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238 - as root, when/why is systemd-tty-ask-password-agent spawned? #9507

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SjonHortensius opened this issue Jul 5, 2018 · 10 comments

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@SjonHortensius
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commented Jul 5, 2018

systemd version the issue has been seen with

238.133

Used distribution

Archlinux

Expected behaviour you didn't see

systemctl restart service should work

Unexpected behaviour you saw

systemctl restart service hangs, ps shows it is waiting for /usr/bin/systemd-tty-ask-password-agent --watch; but I'm root on that machine and there shouldn't be any need to request extra permissions
This has happened to me intermittently over the years, but recently it seems to have started happening more often. How should I work around this? Can I debug this somehow ? Sometimes it completes after a few minutes (while I'm waiting, doing nothing), sometimes it times out.

@keszybz

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commented Jul 6, 2018

systemd-tty-ask-password agent is probably waiting for a password for a disk or similar. When you run sytemctl, the open password requests are handled. You can check if this is the case with systemd-tty-ask-password-agent --list.

It will not do that if not running from a tty, or if --no-ask-password is given.

I understand that this is surprising, but designing the right behaviour is complicated:

  • it is good if systemd immediately ask for a password which is needed to complete an operation (e.g. you say 'sudo systemctl start /encrypted', and immediately get a prompt)
  • it is good if the system was waiting for a password, and it catches the attention of an admin, even accidentally, and is then able to proceed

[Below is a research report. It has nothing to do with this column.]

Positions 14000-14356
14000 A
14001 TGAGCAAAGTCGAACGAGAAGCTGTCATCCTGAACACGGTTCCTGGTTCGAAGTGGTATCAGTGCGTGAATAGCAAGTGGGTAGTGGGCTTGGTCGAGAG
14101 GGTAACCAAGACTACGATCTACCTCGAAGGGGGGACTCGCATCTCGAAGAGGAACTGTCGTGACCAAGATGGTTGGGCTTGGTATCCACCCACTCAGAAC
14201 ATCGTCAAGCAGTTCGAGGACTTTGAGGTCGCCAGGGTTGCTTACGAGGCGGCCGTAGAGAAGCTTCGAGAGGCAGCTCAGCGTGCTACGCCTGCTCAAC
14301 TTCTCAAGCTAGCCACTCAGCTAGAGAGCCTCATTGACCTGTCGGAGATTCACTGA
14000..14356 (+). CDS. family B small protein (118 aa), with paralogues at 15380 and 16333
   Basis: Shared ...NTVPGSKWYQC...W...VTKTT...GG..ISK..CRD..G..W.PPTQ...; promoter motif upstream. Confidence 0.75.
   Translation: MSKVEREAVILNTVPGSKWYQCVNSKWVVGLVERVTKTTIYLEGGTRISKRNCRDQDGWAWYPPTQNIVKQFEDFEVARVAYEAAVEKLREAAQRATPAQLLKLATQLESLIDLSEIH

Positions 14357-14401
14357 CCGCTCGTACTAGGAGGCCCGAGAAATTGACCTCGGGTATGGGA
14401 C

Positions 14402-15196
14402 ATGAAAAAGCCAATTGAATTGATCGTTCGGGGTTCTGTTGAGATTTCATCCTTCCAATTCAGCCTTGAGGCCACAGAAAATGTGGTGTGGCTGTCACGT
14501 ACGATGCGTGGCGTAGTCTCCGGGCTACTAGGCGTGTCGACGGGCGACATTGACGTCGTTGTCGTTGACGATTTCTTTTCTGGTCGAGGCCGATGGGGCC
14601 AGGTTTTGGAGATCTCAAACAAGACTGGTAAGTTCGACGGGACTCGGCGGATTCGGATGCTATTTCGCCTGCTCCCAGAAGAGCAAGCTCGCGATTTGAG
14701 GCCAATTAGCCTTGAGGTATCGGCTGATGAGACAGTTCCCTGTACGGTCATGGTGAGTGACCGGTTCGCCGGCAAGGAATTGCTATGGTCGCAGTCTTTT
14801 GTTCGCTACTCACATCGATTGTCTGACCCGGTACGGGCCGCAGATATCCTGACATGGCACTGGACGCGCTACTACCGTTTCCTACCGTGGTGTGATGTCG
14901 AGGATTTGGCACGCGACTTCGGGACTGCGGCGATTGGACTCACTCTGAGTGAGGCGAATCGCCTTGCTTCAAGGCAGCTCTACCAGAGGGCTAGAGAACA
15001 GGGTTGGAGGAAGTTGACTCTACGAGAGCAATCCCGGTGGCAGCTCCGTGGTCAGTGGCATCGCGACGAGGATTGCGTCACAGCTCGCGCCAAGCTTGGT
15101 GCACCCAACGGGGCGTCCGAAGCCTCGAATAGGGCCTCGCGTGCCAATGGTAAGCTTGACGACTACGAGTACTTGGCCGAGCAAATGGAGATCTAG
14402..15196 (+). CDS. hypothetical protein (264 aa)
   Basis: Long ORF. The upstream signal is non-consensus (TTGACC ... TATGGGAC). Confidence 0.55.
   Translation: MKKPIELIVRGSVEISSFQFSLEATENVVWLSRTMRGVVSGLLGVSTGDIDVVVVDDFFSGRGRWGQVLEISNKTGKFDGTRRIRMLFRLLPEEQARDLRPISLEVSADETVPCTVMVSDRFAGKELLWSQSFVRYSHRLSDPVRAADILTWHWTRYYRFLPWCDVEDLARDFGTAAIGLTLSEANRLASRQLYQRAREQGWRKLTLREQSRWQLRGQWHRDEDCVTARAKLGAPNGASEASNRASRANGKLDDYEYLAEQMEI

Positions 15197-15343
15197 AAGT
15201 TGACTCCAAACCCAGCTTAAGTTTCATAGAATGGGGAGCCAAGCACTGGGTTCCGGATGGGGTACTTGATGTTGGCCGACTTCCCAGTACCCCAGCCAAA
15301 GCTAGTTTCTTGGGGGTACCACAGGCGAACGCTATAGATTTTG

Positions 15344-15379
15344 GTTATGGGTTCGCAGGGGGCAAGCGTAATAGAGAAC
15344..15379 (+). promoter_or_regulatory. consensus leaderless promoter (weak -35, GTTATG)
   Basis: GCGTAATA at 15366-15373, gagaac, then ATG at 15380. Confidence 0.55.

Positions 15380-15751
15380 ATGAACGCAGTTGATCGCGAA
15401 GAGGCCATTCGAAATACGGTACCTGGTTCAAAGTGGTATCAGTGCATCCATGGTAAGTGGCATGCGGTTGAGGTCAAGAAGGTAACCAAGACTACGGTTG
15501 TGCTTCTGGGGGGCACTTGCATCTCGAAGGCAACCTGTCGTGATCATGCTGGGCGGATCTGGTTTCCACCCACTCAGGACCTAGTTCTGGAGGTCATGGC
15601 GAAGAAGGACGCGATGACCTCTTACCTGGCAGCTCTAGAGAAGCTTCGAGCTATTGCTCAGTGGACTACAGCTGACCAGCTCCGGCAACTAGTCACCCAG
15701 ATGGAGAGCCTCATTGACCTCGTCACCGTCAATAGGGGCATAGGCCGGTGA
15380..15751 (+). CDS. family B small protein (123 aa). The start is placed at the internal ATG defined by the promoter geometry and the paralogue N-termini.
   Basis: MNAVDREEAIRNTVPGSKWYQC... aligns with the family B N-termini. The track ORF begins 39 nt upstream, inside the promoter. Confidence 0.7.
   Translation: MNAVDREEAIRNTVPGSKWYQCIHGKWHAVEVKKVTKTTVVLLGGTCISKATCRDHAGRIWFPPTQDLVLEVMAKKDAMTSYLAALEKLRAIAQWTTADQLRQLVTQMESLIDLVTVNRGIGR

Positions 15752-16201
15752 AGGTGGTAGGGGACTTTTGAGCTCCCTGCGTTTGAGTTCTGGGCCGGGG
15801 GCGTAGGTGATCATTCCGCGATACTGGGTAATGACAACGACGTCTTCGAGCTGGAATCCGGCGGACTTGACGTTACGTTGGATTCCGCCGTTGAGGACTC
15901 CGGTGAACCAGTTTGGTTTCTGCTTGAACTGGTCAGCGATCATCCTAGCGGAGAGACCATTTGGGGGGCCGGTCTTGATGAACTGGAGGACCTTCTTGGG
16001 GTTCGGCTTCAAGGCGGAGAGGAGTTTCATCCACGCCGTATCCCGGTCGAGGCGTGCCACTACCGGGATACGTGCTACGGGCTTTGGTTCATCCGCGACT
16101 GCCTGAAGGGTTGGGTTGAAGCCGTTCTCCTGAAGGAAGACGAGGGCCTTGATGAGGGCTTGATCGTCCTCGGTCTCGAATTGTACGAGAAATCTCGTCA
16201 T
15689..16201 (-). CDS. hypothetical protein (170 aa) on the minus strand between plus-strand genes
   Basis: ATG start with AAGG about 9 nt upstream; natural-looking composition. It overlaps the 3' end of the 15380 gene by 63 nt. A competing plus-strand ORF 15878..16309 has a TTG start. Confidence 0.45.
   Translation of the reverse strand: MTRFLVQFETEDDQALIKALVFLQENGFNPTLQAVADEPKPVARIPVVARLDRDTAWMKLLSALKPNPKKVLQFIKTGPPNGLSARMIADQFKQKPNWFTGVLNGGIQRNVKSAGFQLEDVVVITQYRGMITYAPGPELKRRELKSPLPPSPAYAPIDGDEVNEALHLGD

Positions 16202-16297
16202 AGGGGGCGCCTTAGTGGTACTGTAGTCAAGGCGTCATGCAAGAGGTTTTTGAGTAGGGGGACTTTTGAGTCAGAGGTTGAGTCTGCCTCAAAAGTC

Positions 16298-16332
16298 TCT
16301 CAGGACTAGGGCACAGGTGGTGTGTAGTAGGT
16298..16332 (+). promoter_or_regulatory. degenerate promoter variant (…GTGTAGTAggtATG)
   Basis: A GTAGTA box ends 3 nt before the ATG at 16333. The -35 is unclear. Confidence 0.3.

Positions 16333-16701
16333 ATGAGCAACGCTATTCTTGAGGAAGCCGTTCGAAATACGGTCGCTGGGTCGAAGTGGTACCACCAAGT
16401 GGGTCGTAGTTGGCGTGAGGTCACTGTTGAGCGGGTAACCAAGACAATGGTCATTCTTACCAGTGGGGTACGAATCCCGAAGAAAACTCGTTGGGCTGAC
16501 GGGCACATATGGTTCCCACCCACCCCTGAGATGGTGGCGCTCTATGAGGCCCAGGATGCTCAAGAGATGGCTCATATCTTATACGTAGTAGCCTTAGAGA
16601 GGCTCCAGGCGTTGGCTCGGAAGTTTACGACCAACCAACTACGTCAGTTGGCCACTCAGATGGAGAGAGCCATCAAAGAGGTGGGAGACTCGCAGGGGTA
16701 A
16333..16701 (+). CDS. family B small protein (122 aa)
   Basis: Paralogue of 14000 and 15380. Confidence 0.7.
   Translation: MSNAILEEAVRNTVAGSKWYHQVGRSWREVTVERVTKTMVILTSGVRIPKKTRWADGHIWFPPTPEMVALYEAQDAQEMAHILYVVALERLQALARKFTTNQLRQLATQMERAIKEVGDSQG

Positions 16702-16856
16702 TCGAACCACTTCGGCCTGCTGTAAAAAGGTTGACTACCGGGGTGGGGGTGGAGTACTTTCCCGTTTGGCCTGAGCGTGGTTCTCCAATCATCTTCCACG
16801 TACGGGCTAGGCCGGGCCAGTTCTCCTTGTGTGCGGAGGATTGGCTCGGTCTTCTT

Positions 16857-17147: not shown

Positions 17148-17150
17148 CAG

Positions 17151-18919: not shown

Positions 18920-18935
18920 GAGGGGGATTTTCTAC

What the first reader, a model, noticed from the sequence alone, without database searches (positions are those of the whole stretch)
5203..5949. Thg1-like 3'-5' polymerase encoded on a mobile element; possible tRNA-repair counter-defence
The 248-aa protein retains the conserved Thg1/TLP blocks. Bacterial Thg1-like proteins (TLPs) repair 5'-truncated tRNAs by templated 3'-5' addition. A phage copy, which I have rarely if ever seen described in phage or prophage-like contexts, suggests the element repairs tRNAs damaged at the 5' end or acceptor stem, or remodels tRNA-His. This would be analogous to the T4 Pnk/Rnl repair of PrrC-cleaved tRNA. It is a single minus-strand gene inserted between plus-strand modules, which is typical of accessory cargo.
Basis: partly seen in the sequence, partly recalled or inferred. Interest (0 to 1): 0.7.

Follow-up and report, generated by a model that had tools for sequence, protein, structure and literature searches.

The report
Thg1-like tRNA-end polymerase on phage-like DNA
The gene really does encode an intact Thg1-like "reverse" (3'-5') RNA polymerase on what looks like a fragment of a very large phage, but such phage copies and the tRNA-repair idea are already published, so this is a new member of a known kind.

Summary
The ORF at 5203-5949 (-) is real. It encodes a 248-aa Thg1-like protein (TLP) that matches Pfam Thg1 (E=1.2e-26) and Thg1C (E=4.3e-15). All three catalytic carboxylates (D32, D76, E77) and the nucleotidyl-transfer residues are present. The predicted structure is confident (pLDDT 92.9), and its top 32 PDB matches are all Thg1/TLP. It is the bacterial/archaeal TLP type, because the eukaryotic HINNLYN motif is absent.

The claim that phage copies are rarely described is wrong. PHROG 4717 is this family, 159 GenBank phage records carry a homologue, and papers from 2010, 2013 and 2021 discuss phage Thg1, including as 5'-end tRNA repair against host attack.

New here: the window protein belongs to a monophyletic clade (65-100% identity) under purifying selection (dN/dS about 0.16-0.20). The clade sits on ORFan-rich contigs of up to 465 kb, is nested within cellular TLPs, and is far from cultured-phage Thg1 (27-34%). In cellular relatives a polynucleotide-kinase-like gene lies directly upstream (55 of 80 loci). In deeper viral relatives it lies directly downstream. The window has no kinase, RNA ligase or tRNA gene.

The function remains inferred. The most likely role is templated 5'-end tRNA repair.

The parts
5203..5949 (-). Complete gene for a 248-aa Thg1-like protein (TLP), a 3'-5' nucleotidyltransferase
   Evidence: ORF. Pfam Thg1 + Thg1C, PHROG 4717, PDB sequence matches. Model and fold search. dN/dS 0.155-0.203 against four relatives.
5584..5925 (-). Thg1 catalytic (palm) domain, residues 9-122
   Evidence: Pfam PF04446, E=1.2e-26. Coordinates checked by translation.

• it is bad if an admin action unexpectedly blocks on an unrelated password query
    But because of the asynchronous nature of systemd jobs, distinguishing cases 1 and 3 is hard. It is not possible to say that a password is unrelated to current job, even if the query was already open when current job was started. Because of the asynchronous nature of systemd, something else might have requested some other transaction that also involves this step, and not answering the query might block the latest job too.
@poettering

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commented Jul 7, 2018

systemctl restart service hangs, ps shows it is waiting for /usr/bin/systemd-tty-ask-password-agent --watch; but I'm root on that machine and there shouldn't be any need to request extra permissions

How is "ps" supposed to show that?

We do start the password agent in case any of the services invoked need a password, such as LUKS or some SSL certificate or so. It's terminated when systemctl goes away again. The agent is forked off, but we never really wait for it, we continue what we do, and maybe the agent shows a password prompt, or maybe it doesn't, but systemctl doesn't really care or wait for it...

"ps" is not a suitable tool to figure out what something waits for. Use "systemctl list-jobs" and system logs to see what systemd is doing and waiting for

@poettering

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commented Jul 7, 2018

anyway, long story short if "systemctl restart foobar" fails to work, then this has almost certainly not something the password agent is involved in.

@keszybz

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commented Jul 7, 2018

long story short if "systemctl restart foobar" fails to work, then this has almost certainly not something the password agent is involved in.

Well, ....., hmm, ....., nope. It is.

[fedora@fuefi ~]$ echo WAIT && sudo systemctl restart systemd-logind && echo DONE
WAIT
Please enter passphrase for disk luks-44707e18-b35e-40e1-b8e2-908db3071e99 on /encrypted! 
DONE

The "DONE" appears only after I press enter at the prompt. So yeah, systemctl is blocked.

@poettering

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commented Jul 8, 2018